Buy it: Amazon

2. Black + Decker 14,000 BTU Portable Air Conditioner and Heater; $417

Black + Decker portable air conditioner
Black+Decker/Amazon

Black + Decker estimates that this combination portable air conditioner and heater can accommodate rooms up to 350 square feet, and it even comes with a convenient timer so you never have to worry about forgetting to turn it off before you leave the house. The setup is easy—the attached exhaust hose fits into most standard windows, and everything you need for installation is included. This model sits around four stars on Amazon, and it was also picked by Wirecutter as one of the best values on the market.

Buy it: Amazon

3. Mikikin Portable Air Conditioner Fan; $45

Desk air conditioner on Amazon
Mikikin/Amazon

This miniature portable conditioner, which is Amazon's top-selling new portable air conditioner release, is perfect to put on a desk or end table as you work or watch TV during those sweltering dog days. It's currently at a four-star rating on Amazon, and reviewers recommend filling the water tank with a combination of cool water and ice cubes for the best experience.

Buy it: Amazon

4. Juscool Portable Air Conditioner Fan; $56

Juscool portable air conditioner.
Juscool/Amazon

This tiny air conditioner fan, which touts a 4.6-star rating, is unique because it plugs in with a USB cable, so you can hook it up to a laptop or a wall outlet converter to try out any of its three fan speeds. This won't chill a living room, but it does fit on a nightstand or desk to help cool you down in stuffy rooms or makeshift home offices that weren't designed with summer in mind.

Buy it: Amazon

5. SHINCO 8000 BTU Portable Air Conditioner; $320

Shinco portable air conditioner
SHINCO/Amazon

This four-star-rated portable air conditioner is meant for rooms of up to 200 square feet, so think of it for a home office or bedroom. It has two fan speeds, and the included air filter can be rinsed out quickly underneath a faucet. There's also a remote control that lets you adjust the temperature from across the room. This is another one where you'll need a window nearby, but the installation kit and instructions are all included so you won't have to sweat too much over setting it up.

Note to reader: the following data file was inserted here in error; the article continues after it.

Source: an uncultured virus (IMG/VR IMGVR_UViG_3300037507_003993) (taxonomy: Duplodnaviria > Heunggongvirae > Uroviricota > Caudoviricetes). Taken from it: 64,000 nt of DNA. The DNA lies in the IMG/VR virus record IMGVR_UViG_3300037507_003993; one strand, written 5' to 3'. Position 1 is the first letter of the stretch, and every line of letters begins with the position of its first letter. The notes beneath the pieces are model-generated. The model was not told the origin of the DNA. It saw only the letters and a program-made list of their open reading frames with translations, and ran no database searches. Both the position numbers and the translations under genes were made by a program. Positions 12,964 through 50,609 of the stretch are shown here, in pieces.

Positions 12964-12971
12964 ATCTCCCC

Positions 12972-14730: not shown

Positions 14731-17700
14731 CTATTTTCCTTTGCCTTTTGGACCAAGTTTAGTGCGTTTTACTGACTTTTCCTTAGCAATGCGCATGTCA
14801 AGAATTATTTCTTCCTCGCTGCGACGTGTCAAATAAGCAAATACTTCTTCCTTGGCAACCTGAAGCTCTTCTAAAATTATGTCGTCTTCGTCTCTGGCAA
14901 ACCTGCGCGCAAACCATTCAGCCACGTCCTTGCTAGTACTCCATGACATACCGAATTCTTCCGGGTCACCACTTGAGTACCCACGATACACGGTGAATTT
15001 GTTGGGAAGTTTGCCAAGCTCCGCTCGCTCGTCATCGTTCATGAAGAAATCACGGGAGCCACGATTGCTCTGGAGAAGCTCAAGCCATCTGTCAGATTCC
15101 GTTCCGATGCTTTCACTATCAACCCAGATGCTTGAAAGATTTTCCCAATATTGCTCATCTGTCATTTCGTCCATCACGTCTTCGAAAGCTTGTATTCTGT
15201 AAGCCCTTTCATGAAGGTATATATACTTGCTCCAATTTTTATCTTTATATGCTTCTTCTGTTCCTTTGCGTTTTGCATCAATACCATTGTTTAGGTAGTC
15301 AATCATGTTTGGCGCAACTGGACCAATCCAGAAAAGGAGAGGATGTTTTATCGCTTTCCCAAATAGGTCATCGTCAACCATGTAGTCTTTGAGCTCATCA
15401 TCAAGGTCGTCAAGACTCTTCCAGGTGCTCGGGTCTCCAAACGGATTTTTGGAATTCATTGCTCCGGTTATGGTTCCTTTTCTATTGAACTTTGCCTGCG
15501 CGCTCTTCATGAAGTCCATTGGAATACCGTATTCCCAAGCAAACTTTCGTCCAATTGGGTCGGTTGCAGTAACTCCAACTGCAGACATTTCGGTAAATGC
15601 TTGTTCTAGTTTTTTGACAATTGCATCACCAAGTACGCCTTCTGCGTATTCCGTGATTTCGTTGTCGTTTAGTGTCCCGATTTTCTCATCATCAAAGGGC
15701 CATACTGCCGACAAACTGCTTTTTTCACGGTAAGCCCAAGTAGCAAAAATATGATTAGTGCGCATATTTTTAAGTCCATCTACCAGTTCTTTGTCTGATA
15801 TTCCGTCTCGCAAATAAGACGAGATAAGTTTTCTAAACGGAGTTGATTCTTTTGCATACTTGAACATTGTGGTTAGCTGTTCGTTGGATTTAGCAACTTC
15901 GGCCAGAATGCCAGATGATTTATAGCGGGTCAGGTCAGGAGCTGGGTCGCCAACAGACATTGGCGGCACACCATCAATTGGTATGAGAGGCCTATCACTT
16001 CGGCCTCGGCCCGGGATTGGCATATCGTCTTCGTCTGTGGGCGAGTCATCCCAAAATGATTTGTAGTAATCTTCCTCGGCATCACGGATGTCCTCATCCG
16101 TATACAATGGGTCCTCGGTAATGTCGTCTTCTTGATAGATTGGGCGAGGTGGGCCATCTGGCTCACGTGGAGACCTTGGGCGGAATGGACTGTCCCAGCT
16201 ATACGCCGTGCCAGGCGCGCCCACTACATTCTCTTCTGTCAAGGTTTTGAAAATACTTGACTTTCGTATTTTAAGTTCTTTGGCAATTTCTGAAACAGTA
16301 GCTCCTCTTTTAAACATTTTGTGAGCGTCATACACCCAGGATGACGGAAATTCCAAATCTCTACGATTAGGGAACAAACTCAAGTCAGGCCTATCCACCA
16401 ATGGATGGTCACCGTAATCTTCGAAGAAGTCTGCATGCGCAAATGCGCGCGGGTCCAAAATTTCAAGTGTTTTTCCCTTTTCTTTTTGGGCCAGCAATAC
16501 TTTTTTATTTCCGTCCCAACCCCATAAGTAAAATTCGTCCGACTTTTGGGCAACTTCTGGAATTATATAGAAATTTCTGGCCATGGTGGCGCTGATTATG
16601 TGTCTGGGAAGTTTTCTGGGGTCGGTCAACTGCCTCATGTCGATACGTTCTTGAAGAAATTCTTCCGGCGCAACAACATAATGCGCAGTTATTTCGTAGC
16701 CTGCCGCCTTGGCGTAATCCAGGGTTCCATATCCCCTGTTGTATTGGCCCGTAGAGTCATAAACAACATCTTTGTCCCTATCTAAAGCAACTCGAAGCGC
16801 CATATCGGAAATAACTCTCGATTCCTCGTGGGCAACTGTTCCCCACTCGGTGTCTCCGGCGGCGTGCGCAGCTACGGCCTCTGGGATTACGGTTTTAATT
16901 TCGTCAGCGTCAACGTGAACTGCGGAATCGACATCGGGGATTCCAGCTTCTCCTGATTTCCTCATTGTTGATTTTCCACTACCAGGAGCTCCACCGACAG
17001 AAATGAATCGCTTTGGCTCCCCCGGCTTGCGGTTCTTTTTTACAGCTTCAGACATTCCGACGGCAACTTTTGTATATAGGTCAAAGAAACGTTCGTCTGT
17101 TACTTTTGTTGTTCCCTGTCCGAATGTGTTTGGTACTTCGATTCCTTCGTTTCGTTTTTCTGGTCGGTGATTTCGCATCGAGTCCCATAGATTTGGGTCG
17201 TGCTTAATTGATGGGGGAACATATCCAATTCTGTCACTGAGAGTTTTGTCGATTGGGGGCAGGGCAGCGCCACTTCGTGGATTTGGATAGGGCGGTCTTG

Buy it: Amazon

6. Honeywell MN Series Portable Air Conditioner and Dehumidifier; $400

Honeywell air conditioner on Walmart.
Honeywell/Walmart

Like the other units on this list, Honeywell's portable air conditioner also acts as a dehumidifier or a standard fan when you just want some air to circulate. You can cool a 350-square-foot room with this four-star model, and there are four wheels at the bottom that make moving it from place to place even easier. This one is available on Amazon, too, but Walmart has the lowest price right now.

Buy it: Walmart

7. LG 14,000 BTU Portable Air Conditioner; $699

LG Portable Air Conditioner.
LG/Home Depot

This one won't come cheap, but it packs the acclaim to back it up. It topped Wirecutter's list of best portable air conditioners and currently has a 4.5-star rating on Home Depot's website, with many of the reviews praising how quiet it is while it's running. It's one of the only models you'll find compatible with Alexa and Google Assistant, and it can cool rooms up to 500 square feet. There's also the built-in timer, so you can program it to go on and off whenever you want.

Buy it: Home Depot

This article contains affiliate links to products selected by our editors. Mental Floss may receive a commission for purchases made through these links.

New Virtual Tool Lets You Rickroll Your Next Zoom Meeting

YouTube
YouTube

Anyone who says the Rickroll is played out isn't thinking big enough. The classic internet prank—in which web users are tricked into watching the music video for "Never Gonna Give You Up" by Rick Astley—has been reimagined countless times in a variety of contexts. Now, Rickrolling has entered the Zoom era.

As Gizmodo reports, creative technologist Matt Reed has invented a genius tool that lets you Rickroll your coworkers. After receiving an invitation to a Zoom meeting you're not excited to attend, head to InviteRick.com and submit the invite link.

The tool is still in beta, and Reed has to initiate every Rickroll manually. That means Rick is only available to make surprise Zoom performances on weekdays between 10 a.m. and 4 p.m. EST. Once you've signed up for the service, you'll be added to a queue and updated on when to expect Rick to make his appearance. When the pop icon does eventually crash your Zoom, he'll stick around for approximately 15 seconds before making his exit. Hopefully that's enough time to completely derail the meeting.

InviteRick.com may only be around for a short while (Reed admits it likely violates Zoom's terms of service), so spread that '80s corniness while you still can. In the meantime, check out these epic Rickrolls from a simpler time in history.

[h/t Gizmodo]